5. Paddon-Jones, D., Sheffield-Moore, M., Katsanos, C. S., Zhang, X. J., & Wolfe, R. R. (2006). Differential stimulation of muscle protein synthesis in elderly humans following isocaloric ingestion of amino acids or whey protein. Experimental gerontology41(2), 215-219.

  6. Wall, B. T., Hamer, H. M., de Lange, A., Kiskini, A., Groen, B. B., Senden, J. M., ... & van Loon, L. J. (2013). Leucine co-ingestion improves post-prandial muscle protein accretion in elderly men. Clinical nutrition32(3), 412-419.

  7. Casperson, S. L., Sheffield-Moore, M., Hewlings, S. J., & Paddon-Jones, D. (2012). Leucine supplementation chronically improves muscle protein synthesis in older adults consuming the RDA for protein. Clinical nutrition31(4), 512-519.

  8. Shimokata, H., & Kuzuya, F. (1993). Aging, basal metabolic rate, and nutrition. Nihon Ronen Igakkai zasshi. Japanese journal of geriatrics30(7), 572-576.

  9. Poehlman, E. T., Melby, C. L., & Badylak, S. F. (1991). Relation of age and physical exercise status on metabolic rate in younger and older healthy men. Journal of gerontology46(2), B54-B58.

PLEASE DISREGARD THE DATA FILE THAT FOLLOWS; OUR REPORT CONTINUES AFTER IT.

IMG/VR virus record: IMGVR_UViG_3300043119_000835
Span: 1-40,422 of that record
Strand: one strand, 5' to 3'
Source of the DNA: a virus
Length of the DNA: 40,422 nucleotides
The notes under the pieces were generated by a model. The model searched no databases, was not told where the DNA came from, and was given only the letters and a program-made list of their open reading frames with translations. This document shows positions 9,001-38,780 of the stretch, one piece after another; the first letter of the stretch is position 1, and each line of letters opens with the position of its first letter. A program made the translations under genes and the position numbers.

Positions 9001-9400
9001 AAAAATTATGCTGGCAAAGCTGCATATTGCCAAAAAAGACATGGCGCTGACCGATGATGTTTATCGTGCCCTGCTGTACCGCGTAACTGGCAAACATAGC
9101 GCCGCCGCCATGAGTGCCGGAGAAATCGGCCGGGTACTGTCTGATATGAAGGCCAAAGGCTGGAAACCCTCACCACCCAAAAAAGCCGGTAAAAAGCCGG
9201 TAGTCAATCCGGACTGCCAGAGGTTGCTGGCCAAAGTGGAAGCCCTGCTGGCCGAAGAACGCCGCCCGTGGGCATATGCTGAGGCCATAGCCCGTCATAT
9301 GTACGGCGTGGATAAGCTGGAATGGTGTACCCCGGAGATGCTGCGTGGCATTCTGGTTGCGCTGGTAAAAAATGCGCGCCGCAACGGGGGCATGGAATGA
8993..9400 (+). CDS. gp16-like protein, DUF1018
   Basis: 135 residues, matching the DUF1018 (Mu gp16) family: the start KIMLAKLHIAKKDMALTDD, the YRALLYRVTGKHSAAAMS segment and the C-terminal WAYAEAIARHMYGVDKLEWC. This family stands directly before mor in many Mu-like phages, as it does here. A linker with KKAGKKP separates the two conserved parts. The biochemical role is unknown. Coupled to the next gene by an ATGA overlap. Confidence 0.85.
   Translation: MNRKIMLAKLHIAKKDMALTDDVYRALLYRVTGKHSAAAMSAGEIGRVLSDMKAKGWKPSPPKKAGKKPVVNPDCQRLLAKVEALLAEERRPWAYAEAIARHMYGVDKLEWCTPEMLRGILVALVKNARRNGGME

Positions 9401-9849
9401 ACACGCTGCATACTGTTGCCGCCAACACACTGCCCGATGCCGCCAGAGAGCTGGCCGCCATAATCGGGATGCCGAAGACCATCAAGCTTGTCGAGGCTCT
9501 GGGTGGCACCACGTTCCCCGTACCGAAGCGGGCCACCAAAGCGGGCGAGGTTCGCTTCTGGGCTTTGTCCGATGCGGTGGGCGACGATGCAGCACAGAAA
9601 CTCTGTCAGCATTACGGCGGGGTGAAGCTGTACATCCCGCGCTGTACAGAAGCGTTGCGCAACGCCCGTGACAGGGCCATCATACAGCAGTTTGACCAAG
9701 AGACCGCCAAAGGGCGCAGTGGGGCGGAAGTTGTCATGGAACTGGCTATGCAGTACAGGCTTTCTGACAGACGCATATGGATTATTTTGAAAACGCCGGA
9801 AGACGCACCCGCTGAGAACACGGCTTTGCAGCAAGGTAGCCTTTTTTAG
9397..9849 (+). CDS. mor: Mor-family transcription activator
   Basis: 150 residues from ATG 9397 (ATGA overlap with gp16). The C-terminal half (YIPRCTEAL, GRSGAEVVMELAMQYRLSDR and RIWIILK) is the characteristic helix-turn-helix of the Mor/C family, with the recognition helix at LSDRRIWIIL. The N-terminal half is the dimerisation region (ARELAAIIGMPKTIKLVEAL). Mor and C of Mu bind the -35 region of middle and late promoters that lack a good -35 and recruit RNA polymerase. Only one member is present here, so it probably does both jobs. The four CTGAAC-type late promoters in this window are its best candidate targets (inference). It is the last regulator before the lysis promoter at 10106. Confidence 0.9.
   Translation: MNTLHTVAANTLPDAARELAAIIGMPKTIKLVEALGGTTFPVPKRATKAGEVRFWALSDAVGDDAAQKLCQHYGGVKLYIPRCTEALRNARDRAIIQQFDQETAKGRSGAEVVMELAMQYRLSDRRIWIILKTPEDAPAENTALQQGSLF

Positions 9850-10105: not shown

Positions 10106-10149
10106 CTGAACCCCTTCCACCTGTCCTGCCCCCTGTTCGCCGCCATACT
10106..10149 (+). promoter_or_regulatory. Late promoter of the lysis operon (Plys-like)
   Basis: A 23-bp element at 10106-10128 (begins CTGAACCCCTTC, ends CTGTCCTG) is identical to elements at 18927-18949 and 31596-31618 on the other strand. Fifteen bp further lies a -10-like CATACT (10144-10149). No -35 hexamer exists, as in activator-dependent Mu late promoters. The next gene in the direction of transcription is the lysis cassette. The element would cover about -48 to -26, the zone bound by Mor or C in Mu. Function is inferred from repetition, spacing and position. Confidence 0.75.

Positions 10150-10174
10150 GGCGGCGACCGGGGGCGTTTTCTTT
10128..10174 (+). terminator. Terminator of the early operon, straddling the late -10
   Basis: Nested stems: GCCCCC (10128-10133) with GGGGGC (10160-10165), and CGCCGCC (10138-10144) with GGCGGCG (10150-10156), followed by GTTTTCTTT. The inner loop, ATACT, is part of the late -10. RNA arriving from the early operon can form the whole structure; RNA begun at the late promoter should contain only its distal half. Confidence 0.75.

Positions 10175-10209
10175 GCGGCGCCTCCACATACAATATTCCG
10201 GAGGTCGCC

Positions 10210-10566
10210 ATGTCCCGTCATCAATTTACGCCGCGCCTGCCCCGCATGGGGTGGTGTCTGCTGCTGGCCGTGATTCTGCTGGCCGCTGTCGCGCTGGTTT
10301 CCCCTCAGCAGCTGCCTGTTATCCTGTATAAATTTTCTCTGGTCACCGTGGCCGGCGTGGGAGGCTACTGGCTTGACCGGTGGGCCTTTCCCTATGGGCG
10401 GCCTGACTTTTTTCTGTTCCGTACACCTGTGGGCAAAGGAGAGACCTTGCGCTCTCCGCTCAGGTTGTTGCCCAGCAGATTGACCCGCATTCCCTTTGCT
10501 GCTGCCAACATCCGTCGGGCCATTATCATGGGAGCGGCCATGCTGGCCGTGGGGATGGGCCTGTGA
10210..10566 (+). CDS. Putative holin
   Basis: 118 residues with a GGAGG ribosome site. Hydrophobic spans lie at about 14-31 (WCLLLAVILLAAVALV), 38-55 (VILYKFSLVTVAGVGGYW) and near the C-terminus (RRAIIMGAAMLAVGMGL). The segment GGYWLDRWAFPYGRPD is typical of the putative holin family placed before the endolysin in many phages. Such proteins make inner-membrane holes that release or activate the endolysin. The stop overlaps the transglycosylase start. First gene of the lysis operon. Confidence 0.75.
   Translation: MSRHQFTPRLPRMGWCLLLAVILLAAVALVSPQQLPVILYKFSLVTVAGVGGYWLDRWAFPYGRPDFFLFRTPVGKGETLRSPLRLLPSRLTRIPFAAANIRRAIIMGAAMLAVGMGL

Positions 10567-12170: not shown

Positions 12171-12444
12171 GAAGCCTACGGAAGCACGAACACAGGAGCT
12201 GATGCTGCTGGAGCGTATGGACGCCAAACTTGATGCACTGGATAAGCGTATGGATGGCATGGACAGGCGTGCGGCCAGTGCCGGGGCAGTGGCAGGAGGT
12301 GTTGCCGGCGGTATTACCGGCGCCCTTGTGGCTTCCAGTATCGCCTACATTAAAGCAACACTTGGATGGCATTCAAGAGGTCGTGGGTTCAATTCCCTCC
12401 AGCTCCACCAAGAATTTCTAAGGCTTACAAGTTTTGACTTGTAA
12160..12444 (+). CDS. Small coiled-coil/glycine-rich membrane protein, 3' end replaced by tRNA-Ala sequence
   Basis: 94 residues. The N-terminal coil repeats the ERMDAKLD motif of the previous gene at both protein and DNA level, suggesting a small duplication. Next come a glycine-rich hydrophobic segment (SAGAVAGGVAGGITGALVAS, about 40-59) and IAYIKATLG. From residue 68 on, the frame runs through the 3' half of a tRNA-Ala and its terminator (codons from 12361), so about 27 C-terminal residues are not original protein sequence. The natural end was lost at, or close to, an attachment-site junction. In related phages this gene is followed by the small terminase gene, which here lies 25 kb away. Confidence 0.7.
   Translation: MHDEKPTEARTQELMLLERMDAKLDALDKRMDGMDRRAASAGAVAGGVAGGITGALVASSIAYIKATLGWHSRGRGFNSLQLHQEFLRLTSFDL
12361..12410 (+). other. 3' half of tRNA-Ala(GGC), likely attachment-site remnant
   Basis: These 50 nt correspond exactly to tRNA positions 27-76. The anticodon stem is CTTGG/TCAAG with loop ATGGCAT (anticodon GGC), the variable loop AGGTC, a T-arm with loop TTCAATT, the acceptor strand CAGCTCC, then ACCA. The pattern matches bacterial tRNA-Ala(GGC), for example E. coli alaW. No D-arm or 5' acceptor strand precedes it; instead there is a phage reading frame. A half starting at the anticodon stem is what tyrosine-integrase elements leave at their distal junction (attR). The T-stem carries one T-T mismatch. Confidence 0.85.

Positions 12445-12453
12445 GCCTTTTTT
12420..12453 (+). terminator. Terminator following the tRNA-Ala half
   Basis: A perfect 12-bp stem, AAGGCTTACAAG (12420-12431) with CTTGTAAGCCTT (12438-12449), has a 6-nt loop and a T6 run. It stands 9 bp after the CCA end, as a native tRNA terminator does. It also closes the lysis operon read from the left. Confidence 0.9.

10. Klitgaard, H., Mantoni, M., Schiaffino, S., Ausoni, S., Gorza, L., Laurent‐Winter, C., ... & Saltin, B. (1990). Function, morphology and protein expression of ageing skeletal muscle: a cross‐sectional study of elderly men with different training backgrounds. Acta Physiologica Scandinavica140(1), 41-54.

  11. MacIntosh, C. G., Andrews, J. M., Jones, K. L., Wishart, J. M., Morris, H. A., Jansen, J. B., ... & Chapman, I. M. (1999). Effects of age on concentrations of plasma cholecystokinin, glucagon-like peptide 1, and peptide YY and their relation to appetite and pyloric motility. The American journal of clinical nutrition69(5), 999-1006.